Bonus column: Martha Stewart

The Detroit News
The advantage of a well-organized pantry? You can see everything.

As more fresh produce begins to roll into markets during the first weeks of spring and your excitement to get cooking starts to build, it’s time to think of the pantry as your ultimate kitchen arsenal (and not as an inevitable catchall). To get yours in pristine working order, consider these tips. You’ll learn how to clear out the old, bring in the new and thoroughly enjoy seeing everything in its place and ready to go.



Identify what you’ll never use and what’s past its prime. “Best by” dates are helpful but they are not stamped on all items (and are often lost when you decant the contents into airtight vessels). One solution: Write the date you bought the food on a small label, and stick it on the container’s bottom. Another? “Trust your senses,” says Dana Gunders, a senior scientist at the Natural Resources Defense Council. Here’s how to get started.


Best for: Three months.

How to assess: If it smells rancid or tastes bitter, toss it.

Strategy: Nut and seed oils spoil quickly; stow them in the refrigerator to extend their life.


Best for: Six months.

How to assess: Technically they never go bad; they just lose flavor and color.

Strategy: Buy whole, in small quantities, and grind as needed.


Best for: Six months, if whole grain. White varieties last for a year or more.

How to assess: Don’t cook with them if they smell rancid.

Strategy: Refrigerate or freeze seldom-used specialty flours (almond, coconut) and other whole-grain products.


Best for: Three months.

How to assess: Bad batches taste bitter and smell off.

Strategy: Freeze if not consuming them right away; sesame and poppy seeds spoil especially easily.


Throwing out food is tough; a few waste-not options:

DEODORIZE the fridge with bowls of old coffee grounds.

REHYDRATE stiff raisins and dried cranberries in water until plump; then drain and use them in baked goods.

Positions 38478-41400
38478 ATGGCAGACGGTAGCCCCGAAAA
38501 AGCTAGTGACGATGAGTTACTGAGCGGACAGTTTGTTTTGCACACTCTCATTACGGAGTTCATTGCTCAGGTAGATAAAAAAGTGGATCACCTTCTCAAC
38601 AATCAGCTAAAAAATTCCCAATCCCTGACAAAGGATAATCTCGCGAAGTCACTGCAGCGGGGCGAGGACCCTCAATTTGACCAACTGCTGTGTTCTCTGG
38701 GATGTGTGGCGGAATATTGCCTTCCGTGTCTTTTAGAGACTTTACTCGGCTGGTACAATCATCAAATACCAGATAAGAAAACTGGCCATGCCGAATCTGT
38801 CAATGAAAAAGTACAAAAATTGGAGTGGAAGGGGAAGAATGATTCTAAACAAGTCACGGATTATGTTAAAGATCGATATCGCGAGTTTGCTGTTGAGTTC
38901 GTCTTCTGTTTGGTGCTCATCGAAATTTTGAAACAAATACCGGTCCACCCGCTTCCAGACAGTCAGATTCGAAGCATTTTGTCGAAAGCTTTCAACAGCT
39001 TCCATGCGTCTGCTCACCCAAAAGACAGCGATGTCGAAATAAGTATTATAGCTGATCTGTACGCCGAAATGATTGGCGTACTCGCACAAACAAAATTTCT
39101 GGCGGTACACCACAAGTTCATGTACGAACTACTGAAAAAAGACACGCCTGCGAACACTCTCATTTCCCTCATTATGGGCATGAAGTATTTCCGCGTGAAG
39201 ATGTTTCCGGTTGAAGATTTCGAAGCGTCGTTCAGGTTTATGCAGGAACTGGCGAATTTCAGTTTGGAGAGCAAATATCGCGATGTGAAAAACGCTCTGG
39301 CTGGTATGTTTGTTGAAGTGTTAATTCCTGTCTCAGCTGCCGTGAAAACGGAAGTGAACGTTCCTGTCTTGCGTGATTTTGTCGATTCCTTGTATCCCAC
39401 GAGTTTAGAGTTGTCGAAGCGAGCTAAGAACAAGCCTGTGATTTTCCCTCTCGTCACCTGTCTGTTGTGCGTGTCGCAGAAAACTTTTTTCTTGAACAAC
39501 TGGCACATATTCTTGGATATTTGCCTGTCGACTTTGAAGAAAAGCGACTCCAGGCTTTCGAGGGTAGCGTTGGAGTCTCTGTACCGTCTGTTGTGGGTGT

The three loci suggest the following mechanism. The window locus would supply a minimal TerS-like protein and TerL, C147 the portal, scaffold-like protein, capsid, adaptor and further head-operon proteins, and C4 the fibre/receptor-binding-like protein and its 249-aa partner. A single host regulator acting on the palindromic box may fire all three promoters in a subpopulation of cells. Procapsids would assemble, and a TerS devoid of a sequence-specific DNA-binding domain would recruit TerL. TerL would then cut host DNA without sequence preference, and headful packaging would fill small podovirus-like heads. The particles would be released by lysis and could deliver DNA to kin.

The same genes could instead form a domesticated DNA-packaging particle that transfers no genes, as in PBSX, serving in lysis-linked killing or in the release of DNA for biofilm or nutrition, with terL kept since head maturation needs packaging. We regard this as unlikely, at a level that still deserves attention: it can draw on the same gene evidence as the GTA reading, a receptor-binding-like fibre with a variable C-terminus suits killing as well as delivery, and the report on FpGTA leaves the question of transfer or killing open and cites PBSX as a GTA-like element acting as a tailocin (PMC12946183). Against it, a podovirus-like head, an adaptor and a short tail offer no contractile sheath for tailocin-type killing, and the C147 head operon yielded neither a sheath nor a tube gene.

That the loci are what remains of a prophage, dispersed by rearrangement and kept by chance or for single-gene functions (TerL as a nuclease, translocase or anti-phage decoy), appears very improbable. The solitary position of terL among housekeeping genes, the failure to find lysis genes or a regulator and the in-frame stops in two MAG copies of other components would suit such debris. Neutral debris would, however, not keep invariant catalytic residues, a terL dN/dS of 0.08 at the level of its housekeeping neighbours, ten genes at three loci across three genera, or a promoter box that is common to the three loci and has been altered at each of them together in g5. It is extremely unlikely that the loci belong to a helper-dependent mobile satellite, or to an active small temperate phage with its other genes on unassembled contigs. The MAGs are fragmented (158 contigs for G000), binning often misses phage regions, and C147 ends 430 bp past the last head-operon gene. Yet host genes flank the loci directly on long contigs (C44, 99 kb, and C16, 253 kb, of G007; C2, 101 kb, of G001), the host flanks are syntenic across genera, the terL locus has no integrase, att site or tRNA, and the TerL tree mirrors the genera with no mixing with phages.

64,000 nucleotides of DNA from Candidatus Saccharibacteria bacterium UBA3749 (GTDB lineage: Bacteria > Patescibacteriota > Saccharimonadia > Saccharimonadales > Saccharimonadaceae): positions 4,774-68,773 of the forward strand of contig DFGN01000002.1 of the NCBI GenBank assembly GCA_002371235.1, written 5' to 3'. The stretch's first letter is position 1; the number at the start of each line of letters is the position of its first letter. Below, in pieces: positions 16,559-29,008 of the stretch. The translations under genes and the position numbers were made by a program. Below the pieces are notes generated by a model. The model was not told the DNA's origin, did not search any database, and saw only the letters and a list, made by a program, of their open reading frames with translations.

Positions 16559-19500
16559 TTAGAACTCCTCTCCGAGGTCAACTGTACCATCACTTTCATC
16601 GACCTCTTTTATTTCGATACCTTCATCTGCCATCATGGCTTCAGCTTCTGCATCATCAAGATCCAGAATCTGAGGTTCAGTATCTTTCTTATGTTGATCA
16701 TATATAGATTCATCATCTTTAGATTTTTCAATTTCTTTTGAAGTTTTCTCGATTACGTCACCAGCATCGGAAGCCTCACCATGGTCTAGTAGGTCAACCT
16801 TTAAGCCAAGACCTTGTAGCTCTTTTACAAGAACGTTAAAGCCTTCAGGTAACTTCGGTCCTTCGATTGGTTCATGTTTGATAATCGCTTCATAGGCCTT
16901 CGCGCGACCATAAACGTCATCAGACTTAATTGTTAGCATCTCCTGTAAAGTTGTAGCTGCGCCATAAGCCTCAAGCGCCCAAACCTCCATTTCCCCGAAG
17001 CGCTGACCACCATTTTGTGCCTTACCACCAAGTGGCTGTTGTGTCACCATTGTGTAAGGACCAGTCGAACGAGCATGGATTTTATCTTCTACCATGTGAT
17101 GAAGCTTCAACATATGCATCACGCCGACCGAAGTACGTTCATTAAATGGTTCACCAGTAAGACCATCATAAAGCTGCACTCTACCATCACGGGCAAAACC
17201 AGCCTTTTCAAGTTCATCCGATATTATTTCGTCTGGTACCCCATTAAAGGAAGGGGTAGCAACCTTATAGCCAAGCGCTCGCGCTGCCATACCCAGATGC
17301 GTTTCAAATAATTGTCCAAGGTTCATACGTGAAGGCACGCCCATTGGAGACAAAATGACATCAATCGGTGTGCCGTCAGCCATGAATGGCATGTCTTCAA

DONATE unexpired canned goods to charity.

REGIFT a new item (like a spice you’re not fond of but got in a set) with a recipe for a friend who would enjoy it.


Equipped with smart storage systems and a well-organized pantry, you can preserve foods longer and display what you have better. Then you can rab what you need and put it back with equal ease.


Store items you don’t use daily — small appliances, for example — in larger bins. Use smaller ones and trays (which can slide in and out like drawers) to corral bagged snacks or all the provisions in a particular category (such as baking).


It’s fine to leave herbs and spices in their original bottles, but you might prefer options that open wide and fit measuring spoons for simple scooping. To prolong these goods’  lives, store them away from light and heat.


Staples such as flours, grains and cereals stay fresher in well-sealed vessels. Use glass, ceramic and copper containers instead of plastic ones, which can absorb the odors of their contents.


With a variety of platforms, you can group items together — and see them all at once. Lazy Susans also let you quickly assess what you do and don’t need on your shopping list.


Baskets & Trays: Medium Montauk rectangular bin, in Grey, $20; small Hogla bin with handles, in Natural, $18; and large herringbone bamboo tray, $35, containerstore.com. Feed steel condiment caddies, $19 each, westelm.com. Bread basket, $78, marchsf.com.

Spice Jars: Acrylic spice jar, 3 ounces, $3; and Commercial straight-sided jar (with white lid), 4 ounces, $2, containerstore.com. Turned wooden spice jars, in Maple or Cherry, $65 for 2, food52.com. Magnetic spice tin, $3, bedbathandbeyond.com. Canning jar, by Weck, 2.7 ounces, $3, crateandbarrel.com. Rajtan spice jar, 5 ounces, $3.50 for 4, ikea.com.

Canisters & Airtight Jars: Medium copper canister, $80, williams-sonoma.com. Pop round containers with lids, by Oxo, $40 for 3, crateandbarrel.com. Whiteware basketweave containers, by Martha Stewart Collection, $89 for 3, macys.com. Neutral small white canister, 18 ounces, $10, cb2.com. Enamel canisters, in White and Grey, $20 each, brookfarmgeneralstore.com. Fido jar with copper lid, by Bormioli Rocco, $13, containerstore.com.

Risers and Racks: Bekvam spice rack, $4, ikea.com. Bamboo in-drawer spice rack, $15, williams-sonoma.com. Three-tier stainless steel expanding shelf, $30, containerstore.com. Lipper bamboo single turntable, 10” by 10”, $10, bedbathandbeyond.com.

(Questions should be addressed to Ask Martha, care of Letters Department, Martha Stewart Living, 601 W. 26th St., New York, NY 10001. Questions may also be sent by email to: askmartha@marthastewart.com. Please include your name, address and daytime telephone number.)